Geoffrey Harpham:
Must Human Solidarity Take the Form of Isolation?

Last week, on my daily run through the woods, I saw a new sign:  “We’re all in this together.  Keep your distance.”  Which perfectly captured the moment, I thought, in the form of a paradox:  human solidarity must take the form of isolation. 

Of course, we enter and exit the world alone, but now we face the radical form of this existential truth, and must live alone during our human span as well.  With the limited capacity for abstract thought one can command while running, I made the switch to . . . social media.  “That’s exactly how social media is,” I reflected, “everyone is together, in one big community, but all socially distanced.  And now, the pandemic has made us realize that social media is a huge addictive disease.”  I finished the run in a state of grave concern about the fate of the world, but otherwise with great satisfaction, because I had come to a deeper understanding of this horrifying once-a-century, wholly anomalous, never-before-seen event.  In the current crisis, many things are uncertain, but one thing had become crystal-clear:  I was right all along.

Since that run, I have read a number of accounts of the meaning and ultimate effects of the pandemic, and I have discovered that I am complete agreement with all of them on one point:  the pandemic confirms our deepest convictions.  There are, to be sure, disagreements on a few of the details.  Some say it will destroy the EU, others that it will strengthen it; some, that it signifies the end of the Age of Trump; others, that his re-election is assured; some, that the fight against climate change has been superseded, others, that it has become all the more urgent; some, that the need for strong central controls has finally become self-evident, others, that federalism is now resurgent; some, that the fatal weakness of the global order has been revealed for all to see, others, that at last everyone recognizes that only global action can defeat global threats; some, that the event means the death of democracy, others, that it heralds the rebirth of democracy.  But these are small matters compared to the inspiring human solidarity displayed by thinkers of totally different persuasions.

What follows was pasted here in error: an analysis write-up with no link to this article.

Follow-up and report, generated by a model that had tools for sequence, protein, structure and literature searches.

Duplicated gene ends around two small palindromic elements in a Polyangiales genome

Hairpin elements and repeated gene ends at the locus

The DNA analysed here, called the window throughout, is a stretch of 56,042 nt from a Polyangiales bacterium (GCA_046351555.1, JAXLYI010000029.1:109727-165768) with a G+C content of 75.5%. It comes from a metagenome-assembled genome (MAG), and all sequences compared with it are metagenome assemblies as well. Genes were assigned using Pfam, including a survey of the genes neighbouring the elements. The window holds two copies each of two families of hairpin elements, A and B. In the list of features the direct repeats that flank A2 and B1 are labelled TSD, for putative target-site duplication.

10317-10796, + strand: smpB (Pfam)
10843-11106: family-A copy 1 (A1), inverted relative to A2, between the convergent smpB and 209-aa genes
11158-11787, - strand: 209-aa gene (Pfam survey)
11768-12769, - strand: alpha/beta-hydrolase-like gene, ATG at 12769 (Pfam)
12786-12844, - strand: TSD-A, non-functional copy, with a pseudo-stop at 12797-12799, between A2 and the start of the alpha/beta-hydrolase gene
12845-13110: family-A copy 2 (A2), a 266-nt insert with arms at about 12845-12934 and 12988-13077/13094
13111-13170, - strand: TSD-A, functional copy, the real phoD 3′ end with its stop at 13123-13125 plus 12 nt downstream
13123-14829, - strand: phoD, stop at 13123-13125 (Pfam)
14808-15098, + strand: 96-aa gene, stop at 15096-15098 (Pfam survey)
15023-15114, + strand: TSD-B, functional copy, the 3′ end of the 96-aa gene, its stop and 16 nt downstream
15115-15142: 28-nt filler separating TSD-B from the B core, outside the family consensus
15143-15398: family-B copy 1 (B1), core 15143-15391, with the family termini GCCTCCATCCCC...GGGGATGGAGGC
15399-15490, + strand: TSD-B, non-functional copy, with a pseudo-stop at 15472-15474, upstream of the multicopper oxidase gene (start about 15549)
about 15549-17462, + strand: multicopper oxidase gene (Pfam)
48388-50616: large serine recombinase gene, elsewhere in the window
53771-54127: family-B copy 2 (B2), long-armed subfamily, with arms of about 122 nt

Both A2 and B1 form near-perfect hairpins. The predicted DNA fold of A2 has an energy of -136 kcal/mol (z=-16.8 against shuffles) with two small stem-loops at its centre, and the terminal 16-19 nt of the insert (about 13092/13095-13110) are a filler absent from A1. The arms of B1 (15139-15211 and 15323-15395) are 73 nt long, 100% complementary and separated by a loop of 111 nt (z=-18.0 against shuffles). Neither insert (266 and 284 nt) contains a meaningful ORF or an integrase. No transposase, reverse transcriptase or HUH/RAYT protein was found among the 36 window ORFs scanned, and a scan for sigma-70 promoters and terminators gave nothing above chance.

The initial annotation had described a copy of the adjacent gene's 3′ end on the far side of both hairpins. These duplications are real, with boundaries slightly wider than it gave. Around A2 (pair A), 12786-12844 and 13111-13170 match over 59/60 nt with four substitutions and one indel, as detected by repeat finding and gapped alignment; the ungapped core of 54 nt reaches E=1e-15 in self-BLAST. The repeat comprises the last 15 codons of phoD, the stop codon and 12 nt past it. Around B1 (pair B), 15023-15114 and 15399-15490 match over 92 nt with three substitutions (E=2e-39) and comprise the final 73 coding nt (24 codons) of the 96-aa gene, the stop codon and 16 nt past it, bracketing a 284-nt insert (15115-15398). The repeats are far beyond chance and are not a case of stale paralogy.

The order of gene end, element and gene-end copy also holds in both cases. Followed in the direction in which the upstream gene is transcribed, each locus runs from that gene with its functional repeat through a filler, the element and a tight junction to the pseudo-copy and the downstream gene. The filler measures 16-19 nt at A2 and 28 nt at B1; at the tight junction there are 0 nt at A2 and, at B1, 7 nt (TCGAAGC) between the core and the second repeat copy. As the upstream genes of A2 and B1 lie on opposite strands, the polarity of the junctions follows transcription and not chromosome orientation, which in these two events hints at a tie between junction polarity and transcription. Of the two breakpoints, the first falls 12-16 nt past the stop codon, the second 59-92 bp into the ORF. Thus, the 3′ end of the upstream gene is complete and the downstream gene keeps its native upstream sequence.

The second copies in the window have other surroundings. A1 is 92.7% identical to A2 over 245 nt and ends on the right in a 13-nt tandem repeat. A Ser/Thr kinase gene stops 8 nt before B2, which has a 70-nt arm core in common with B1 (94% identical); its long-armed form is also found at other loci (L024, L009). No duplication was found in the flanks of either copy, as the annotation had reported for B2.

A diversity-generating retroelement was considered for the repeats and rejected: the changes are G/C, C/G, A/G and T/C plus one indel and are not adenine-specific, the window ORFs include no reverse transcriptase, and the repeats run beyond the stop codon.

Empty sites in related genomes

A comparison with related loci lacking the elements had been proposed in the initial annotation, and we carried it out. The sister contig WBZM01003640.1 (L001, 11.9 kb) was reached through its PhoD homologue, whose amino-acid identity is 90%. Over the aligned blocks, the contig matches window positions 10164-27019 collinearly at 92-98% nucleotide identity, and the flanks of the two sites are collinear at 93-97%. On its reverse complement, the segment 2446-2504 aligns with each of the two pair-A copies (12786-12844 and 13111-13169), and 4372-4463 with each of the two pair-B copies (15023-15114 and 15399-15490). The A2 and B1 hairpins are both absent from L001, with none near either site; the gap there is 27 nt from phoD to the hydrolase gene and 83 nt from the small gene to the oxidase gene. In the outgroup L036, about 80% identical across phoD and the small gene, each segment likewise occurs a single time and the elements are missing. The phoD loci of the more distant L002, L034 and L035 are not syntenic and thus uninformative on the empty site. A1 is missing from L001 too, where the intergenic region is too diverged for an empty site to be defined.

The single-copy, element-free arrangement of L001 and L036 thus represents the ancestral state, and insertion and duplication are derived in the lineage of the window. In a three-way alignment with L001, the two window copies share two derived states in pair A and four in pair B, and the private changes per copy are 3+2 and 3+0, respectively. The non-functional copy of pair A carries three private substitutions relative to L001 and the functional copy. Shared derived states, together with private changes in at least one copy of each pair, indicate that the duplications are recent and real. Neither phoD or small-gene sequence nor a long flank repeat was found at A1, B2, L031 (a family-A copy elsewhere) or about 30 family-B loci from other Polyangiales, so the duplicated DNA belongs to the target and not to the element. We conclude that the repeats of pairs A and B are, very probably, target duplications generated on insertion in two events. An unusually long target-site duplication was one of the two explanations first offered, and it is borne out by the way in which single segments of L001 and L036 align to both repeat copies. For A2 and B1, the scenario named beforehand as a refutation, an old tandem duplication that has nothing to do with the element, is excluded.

Crises are, among other things, opportunities for education, but in this case—as in many others, come to think of it—what we seem to be learning is that there is nothing to learn that we did not already know.

April 17, 2020.

Geoffrey Harpham is a Senior Fellow at the Kenan Institute for Ethics at Duke University in Durham.  From Febuary to March 2019 he was a Guest at the IWM.

 

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